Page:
April 2012

IZA DP No. 6517: The International Migration of Health Professionals

Published as: Grignon, Michel, Yaw Owusu, and Arthur Sweetman. 2013. “The International Migration of Health Professionals” in International Handbook on the Economics of Migration, Amelie F. Constant and Klaus F. Zimmermann (eds). Cheltenham, UK: Edward Elgar; 75-97.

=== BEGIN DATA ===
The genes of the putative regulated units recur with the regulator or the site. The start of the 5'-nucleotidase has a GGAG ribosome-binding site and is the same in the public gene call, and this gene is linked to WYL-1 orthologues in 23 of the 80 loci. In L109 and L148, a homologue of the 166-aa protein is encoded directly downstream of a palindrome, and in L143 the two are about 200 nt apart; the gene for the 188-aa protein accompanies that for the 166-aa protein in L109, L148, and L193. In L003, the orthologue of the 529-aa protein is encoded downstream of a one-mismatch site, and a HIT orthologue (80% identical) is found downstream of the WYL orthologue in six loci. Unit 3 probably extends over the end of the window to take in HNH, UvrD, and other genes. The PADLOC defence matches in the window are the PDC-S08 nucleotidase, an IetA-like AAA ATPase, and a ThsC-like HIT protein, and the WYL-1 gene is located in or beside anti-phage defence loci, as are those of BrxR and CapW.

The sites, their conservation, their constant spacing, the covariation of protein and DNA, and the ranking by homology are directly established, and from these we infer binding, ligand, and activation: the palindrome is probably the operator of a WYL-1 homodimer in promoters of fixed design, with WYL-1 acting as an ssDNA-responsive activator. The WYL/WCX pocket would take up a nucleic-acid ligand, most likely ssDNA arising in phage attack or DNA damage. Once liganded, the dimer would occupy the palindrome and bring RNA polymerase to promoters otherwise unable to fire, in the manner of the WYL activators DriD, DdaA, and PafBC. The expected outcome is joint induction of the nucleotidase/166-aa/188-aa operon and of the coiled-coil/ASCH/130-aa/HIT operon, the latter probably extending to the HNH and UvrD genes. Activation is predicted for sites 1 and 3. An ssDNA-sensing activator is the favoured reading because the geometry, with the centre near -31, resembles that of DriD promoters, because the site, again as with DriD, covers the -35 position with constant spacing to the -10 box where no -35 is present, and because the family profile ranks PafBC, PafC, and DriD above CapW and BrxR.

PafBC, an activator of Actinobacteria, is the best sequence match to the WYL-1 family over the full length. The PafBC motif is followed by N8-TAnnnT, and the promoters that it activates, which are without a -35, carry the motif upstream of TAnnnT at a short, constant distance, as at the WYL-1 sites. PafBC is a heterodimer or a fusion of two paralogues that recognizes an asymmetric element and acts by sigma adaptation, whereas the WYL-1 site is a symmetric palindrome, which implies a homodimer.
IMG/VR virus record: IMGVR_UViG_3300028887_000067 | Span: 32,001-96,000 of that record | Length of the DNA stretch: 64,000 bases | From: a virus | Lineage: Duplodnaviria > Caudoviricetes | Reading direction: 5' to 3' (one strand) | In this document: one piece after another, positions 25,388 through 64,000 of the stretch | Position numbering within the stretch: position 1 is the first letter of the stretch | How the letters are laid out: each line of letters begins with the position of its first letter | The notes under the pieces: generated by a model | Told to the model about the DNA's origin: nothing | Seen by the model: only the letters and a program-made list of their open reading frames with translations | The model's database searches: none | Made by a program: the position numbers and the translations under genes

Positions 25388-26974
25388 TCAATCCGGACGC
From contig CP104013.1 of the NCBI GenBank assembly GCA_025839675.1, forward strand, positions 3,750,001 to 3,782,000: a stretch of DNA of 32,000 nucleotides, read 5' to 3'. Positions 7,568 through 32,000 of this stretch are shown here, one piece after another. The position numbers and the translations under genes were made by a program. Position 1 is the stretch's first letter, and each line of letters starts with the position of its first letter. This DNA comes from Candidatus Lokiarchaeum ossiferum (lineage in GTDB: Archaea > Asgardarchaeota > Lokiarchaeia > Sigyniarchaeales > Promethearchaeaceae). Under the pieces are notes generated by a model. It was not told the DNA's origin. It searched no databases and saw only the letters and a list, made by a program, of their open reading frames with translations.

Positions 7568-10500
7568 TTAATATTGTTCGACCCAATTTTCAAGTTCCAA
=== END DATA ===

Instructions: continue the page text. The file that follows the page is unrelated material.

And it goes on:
Health workforce shortages in developed countries are perceived to be central drivers of health professionals' international migration, one ramification being negative impacts on developing nations' healthcare delivery. After a descriptive international overview, selected economic issues are discussed for developed and developing countries. Health labour markets' unique characteristics imply great complexity in developed economies involving government intervention, licensure, regulation, and (quasi-)union activity. These features affect migrants' decisions, economic integration, and impacts on the receiving nations' health workforce and society. Developing countries sometimes educate citizens in expectation of emigration, while others pursue international treaties in attempts to manage migrant flows.